At least one segment of the American body politic would like to remind you that the United States operates a participatory democracy exactly insofar as you believe it does. In a classic instance of a phenomenon that may or may not have been real before the Times wrote a story about it, hundreds of thousands of Americans have joined the nascent Coffee Party.  “Joined,” in this case, means “friended on Facebook” or “agreed to follow on Twitter” or “sent an email about” to the organization’s founder, Annabel Park. Still, the group’s stated mission and the Civility Pledge on its homepage offer a promising start. The Coffee Party is, obviously, a response to the Tea Party—and the somewhat unsettling degree to which that organization appears to be a grassroots organization of people who refuse to understand or participate in American politics. “We recognize that the federal government is not the enemy of the people, but the expression of our collective will, and that we must participate in the democratic process in order to address the challenges that we face as Americans,” says the site’s mission statement. “As voters and grassroots volunteers, we will support leaders who work toward positive solutions, and hold accountable those who obstruct them.”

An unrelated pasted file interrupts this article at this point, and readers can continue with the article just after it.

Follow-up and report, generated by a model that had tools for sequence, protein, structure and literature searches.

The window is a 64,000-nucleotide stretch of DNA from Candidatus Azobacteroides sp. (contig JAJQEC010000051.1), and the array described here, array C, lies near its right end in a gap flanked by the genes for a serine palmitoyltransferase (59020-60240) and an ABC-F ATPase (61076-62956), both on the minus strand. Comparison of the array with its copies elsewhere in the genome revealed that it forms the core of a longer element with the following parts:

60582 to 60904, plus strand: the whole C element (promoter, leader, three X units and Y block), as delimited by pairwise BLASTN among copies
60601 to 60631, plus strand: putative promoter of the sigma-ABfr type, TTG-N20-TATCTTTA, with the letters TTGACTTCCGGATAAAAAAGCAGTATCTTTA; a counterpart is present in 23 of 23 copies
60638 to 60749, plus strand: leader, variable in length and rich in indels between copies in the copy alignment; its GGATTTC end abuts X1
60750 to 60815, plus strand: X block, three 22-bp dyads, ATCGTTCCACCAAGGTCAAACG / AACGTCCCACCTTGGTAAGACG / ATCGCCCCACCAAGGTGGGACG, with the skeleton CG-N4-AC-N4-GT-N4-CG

And who might that be, one wonders? On the opposite end of the spectrum of American optimism, the Republican National Committee was embarrassed Wednesday by the leaking of a 72-page strategy document that mocks party donors, depicts the President in the now-familiar Joker whiteface, and advises fundraisers to “play on fear” and present the GOP as the only way to “save the country from trending towards socialism.” Perhaps most damming is the “RNC Marketing 101” section of the document, in which the authors describe the best way to appeal to major and minor donors. Small donors are given the heading “Visceral Giving,” a category whose keywords include “fear,” “extreme negative feelings toward existing administration,” and “reactionary.” Now that the RNC is describing its own populist base as reactionaries, it would appear that the continuing question of whether the GOP actually believes its own rhetoric has finally been answered. Michael Steele has quickly moved to distance himself from the document, but at this point in his career he’s like Charles Manson fighting a parking ticket.